Ultimate Party Houses
The Japanese-born couple decided to buy the Federal-style Evermay Estate in 2011 as a base for their philanthropic work, the S&R Foundation, a nonprofit that supports individuals in the arts and sciences. Its cascading terraces, with a sweeping view of downtown D.C., are great for foundation events, they said, and the ballroom can be used to host classical-music concerts.
Altruism at Home
When they first saw the house, “we both had the feeling of immediately falling in love,” said Ms. Kuno, 59, who foundedSucampo Pharmaceuticals Inc.SCMP -0.22% in Bethesda, Md., in 1996 with her husband, Mr. Ueno, 60.
Soon afterward, the pair bought Evermay for $22 million. This year, they hosted 31 events at the mansion. Later in 2011, Ms. Kuno and Mr. Ueno also purchased Halcyon House, an equally grand Georgetown residence, for $11 million. They plan to use the property, which was built in 1787, for other Foundation activities, including a social incubator program for young entrepreneurs.
Private properties used purely for parties are a small but prestigious pocket of the real-estate market. Some homeowners, such as Ms. Kuno and Mr. Ueno, buy houses as a stage for advancing charitable causes. Others fall in love with historic homes that they rent out for events to generate income and finance the upkeep. As Americans seek more unique settings for weddings and celebrations, luxury residences for rent are in growing demand, with websites like EstateWeddingsandEvents.com and VenueReport.com devoted to unexpected and unique places for parties and events.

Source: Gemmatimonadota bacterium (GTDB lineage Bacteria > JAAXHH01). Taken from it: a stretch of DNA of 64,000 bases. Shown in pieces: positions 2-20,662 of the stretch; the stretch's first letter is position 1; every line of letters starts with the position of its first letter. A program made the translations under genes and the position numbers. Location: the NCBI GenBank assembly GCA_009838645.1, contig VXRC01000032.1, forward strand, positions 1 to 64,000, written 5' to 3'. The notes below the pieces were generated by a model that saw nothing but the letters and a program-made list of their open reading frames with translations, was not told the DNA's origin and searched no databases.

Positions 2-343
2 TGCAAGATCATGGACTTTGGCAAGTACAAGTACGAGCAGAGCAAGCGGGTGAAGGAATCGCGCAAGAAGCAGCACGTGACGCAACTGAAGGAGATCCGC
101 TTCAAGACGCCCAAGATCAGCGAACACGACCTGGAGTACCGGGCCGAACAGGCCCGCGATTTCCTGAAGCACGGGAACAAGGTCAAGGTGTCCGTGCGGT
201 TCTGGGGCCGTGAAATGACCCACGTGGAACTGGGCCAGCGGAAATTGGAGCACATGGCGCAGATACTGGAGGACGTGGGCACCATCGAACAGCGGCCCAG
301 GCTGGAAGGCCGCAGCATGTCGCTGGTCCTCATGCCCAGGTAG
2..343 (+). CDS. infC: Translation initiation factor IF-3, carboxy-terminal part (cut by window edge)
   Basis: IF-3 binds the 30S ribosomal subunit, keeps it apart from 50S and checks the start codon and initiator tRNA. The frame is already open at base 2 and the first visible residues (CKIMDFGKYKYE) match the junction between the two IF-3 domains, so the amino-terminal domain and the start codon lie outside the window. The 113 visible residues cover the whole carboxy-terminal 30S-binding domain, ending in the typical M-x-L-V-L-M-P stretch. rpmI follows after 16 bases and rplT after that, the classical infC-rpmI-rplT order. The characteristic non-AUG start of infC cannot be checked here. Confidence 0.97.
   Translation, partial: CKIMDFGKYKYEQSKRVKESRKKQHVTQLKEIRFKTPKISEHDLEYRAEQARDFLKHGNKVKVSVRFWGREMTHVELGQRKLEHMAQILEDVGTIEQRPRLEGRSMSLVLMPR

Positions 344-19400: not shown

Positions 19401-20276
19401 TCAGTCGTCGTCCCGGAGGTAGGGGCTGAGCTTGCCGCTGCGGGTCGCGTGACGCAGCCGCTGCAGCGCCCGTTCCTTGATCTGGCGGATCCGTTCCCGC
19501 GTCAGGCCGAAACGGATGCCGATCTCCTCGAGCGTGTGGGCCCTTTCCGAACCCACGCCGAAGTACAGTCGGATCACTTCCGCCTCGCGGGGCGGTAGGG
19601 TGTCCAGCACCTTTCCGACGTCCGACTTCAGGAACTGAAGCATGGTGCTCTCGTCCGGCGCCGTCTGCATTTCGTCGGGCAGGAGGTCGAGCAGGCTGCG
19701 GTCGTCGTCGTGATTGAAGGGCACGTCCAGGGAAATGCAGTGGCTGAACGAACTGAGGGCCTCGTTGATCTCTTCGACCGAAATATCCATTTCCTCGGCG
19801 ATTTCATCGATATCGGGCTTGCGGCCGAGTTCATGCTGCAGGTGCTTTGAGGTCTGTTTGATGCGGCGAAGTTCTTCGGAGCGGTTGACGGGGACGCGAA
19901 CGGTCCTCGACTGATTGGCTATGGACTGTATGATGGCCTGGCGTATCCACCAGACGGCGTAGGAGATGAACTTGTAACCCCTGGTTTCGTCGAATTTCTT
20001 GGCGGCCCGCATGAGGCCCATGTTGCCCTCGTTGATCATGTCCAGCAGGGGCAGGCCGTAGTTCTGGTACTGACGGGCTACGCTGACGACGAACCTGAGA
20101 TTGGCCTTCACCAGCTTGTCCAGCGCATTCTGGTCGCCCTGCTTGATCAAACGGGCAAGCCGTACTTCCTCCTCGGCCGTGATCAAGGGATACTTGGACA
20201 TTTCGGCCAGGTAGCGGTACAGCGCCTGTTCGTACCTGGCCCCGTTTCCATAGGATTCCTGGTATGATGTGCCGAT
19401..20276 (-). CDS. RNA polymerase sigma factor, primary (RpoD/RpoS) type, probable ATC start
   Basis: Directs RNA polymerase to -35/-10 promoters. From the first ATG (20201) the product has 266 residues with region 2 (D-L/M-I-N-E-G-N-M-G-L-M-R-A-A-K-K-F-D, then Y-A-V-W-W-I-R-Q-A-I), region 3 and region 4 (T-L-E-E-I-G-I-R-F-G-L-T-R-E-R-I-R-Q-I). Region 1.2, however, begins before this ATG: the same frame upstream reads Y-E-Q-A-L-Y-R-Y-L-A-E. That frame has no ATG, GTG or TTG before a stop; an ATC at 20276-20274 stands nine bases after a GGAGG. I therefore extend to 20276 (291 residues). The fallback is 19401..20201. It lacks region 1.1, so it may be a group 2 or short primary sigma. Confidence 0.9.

“In the past few years, there has been a big increase in people who want a unique place for their wedding or party,” said Jamie Ehrsam, whose EstateWeddingsandEvents.com site lists luxury homes available for rent ranging from $3,500 to $30,000 per day, depending on their location and the number of guests. “They want to get out of the hotel ballroom.”
For Washington deal makers, Hollywood celebrities and other privacy-minded hosts, private residences offer seclusion that roped-off backrooms can’t match. On Washington’s Capitol Hill, lobbyists and companies such as United Parcel Service of America Inc. and FedEx Corp. FDX +1.21% have townhouses that they use for entertaining.
Good party houses, event managers say, have an awe-inspiring, one-of-a-kind feel. Along with lots of bathrooms and ample electrical circuits to power elaborate sound systems, they also have large gathering spaces, such as a ballroom or lawn area that can accommodate numerous chairs, food stations or a tent. The most luxurious party homes often have special amenities, such as disc-jockey booths, arcade games rooms or helipads. Almost all have impressive views.